Economic impact of drug-related morbidity in Sweden - Estimated using experts’ opinion, medical records and self-reports
Drug-related morbidity is an important public health concern, but knowledge about its economic impact is limited to hospitals. Thus, important consequences to the general public may have been overlooked. The aim of the thesis is to estimate the economic impact of drug-related morbidity in Sweden. Specific aims are to estimate the cost-of-illness of drug-related morbidity in Sweden based on pharmacists‘ and physicians‘ expert opinions. Moreover, to estimate the direct costs resulting from adverse drug events, identified from medical records or self-reported in a population-based survey, and to estimate the cost-of-illness of these individuals. *** Healthcare professionals‘ expert opinions were used to estimate probabilities for clinical outcomes of drug-related morbidity. For adverse drug events and resource-use identified from medical records, costs were assigned using Cost Per Patient register data. Resource-use reported by survey respondents and expert panels were assigned unit costs based on national costs statistics. Furthermore, indirect costs were measured by the human capital approach. Cost estimates were prevalence-based and measured from a societal perspective. *** Both pharmacists and physicians view drug-related morbidity to be common, and to cause considerable healthcare resource use representing up to 20% of all costs to the healthcare system. The adverse drug events identified from medical records were estimated to cause 1.5% of all drug costs and 9.5% of healthcare costs. Two types of self-reported adverse drug events - adverse drug reactions and sub-therapeutic effect of medication therapy - caused 0.5% of all drug costs, 6.1% of all healthcare costs, informal care, lost leisure time, and sick-leave. It can be concluded that drug-related morbidity causes resource use and harm in all parts of the Swedish healthcare system and the Swedish general public. It appears that sub-therapeutic effects of medication therapy are equally as costly as adverse drug reactions, but there were also costs resulting from other categories (e.g. drug intoxications). Moreover, this group of individuals had high overall resource use and costs; resulting from drug use, healthcare encounters, transportation, productivity loss from both short-term sick-leave and disability pension, and informal care. For patients with repeated encounters and prolonged episodes of drug-related morbidity, there appears to be potential for improving care and saving resources by rapid detection of occurring adverse drug events.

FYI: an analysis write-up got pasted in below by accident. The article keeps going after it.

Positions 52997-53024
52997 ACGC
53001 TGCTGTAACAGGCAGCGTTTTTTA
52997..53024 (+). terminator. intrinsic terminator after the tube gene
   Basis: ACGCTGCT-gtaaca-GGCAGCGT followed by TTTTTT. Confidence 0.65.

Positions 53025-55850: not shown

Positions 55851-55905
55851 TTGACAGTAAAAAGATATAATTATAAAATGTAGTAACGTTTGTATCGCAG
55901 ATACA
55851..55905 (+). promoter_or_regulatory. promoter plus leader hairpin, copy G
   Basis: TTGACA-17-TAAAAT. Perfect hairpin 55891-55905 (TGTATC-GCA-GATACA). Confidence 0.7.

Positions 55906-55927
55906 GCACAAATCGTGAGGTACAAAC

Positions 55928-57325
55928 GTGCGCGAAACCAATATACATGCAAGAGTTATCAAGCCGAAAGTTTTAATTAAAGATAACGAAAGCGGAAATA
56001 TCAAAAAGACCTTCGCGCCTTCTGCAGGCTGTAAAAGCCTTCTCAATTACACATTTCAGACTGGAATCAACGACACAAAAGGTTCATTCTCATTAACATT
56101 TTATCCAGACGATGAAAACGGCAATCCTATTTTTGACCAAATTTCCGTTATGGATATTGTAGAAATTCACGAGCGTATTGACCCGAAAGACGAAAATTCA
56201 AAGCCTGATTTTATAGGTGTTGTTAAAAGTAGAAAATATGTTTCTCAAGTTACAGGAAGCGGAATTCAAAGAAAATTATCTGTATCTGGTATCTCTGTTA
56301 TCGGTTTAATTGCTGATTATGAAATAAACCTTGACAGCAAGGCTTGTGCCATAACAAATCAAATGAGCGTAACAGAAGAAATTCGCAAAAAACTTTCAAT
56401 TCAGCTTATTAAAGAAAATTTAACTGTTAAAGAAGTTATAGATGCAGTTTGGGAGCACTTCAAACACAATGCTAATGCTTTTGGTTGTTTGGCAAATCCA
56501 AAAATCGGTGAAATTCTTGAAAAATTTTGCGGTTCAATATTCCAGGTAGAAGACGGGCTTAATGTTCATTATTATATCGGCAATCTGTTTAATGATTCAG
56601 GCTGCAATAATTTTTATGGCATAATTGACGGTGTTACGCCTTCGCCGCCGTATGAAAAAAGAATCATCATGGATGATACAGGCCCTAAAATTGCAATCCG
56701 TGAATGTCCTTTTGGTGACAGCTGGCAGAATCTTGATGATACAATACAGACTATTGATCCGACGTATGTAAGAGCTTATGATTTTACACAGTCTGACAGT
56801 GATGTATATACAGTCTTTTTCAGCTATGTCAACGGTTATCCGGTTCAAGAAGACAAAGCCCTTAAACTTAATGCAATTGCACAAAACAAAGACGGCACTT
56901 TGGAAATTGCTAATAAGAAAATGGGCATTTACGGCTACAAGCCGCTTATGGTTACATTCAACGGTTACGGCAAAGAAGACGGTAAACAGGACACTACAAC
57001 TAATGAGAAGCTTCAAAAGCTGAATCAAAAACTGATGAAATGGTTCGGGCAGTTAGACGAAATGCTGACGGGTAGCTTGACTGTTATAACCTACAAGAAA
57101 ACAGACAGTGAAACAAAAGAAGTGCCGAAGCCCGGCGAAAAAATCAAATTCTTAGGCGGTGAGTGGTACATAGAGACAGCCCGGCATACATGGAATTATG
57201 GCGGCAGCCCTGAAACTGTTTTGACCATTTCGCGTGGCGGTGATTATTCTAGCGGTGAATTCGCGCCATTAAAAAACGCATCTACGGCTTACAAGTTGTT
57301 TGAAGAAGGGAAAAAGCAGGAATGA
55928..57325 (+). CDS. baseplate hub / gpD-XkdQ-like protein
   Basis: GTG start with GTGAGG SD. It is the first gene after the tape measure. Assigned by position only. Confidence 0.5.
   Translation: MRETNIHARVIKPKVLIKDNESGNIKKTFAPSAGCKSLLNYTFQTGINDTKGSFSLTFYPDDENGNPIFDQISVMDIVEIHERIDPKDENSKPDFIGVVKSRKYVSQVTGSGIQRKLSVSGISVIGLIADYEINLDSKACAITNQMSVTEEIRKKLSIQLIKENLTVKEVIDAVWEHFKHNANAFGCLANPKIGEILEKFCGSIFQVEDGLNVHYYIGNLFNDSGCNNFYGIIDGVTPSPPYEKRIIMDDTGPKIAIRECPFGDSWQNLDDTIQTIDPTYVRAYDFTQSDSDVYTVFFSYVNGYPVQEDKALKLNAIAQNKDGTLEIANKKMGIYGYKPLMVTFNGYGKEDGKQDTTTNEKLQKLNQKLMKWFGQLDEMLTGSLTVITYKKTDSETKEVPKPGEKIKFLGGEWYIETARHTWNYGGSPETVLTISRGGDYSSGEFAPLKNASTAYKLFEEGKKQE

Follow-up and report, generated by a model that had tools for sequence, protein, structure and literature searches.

Parts of work
I. Gyllensten, H, Hakkarainen, KM, Jönsson, AK, Andersson Sundell, K, Hägg, S, Rehnberg, C, Carlsten, A. Modelling drug-related morbidity in Sweden using an expert panel of pharmacists’. Int J Clin Pharm. 2012; 34(4): 538-46. ::doi::10.1007/s11096-012-9641-3II. Hakkarainen, KM, Ahlström, D, Hägg, S, Carlsten, A, Gyllensten, H. Modelling drug-related morbidity in Sweden using an expert panel of physicians’. Eur J Clin Pharmacol. 2012; 68(9): 1309-19. ::doi::10.1007/s00228-012-1244-3III. Gyllensten, H, Hakkarainen, KM, Hägg, S, Carlsten, C, Petzold, M, Rehnberg, C, Jönsson, AK. Economic impact of adverse drug events – A retrospective population-based cohort study of 4970 adults. PLoS One 2014; 9(3): e92061. ::doi::10.1371/journal.pone.0092061IV. Gyllensten, H, Rehnberg, C, Jönsson, AK, Petzold, M, Carlsten, A, Andersson Sundell, K. Cost-of-illness of patient-reported adverse drug events – A population-based cross-sectional survey. BMJ Open 2013; 3(6): e002574. ::doi::10.1136/bmjopen-2013-002574
Doctor of Philosophy (Medicine)
University of Gothenburg. Sahlgrenska Academy
Institute of Medicine. Department of Public Health and Community Medicine
Fredagen den 23 maj 2014, kl 9.00, Aulan, Nordic School of Public Health NHV, Nya Varvet hus 25.
Date of defence
adverse drug event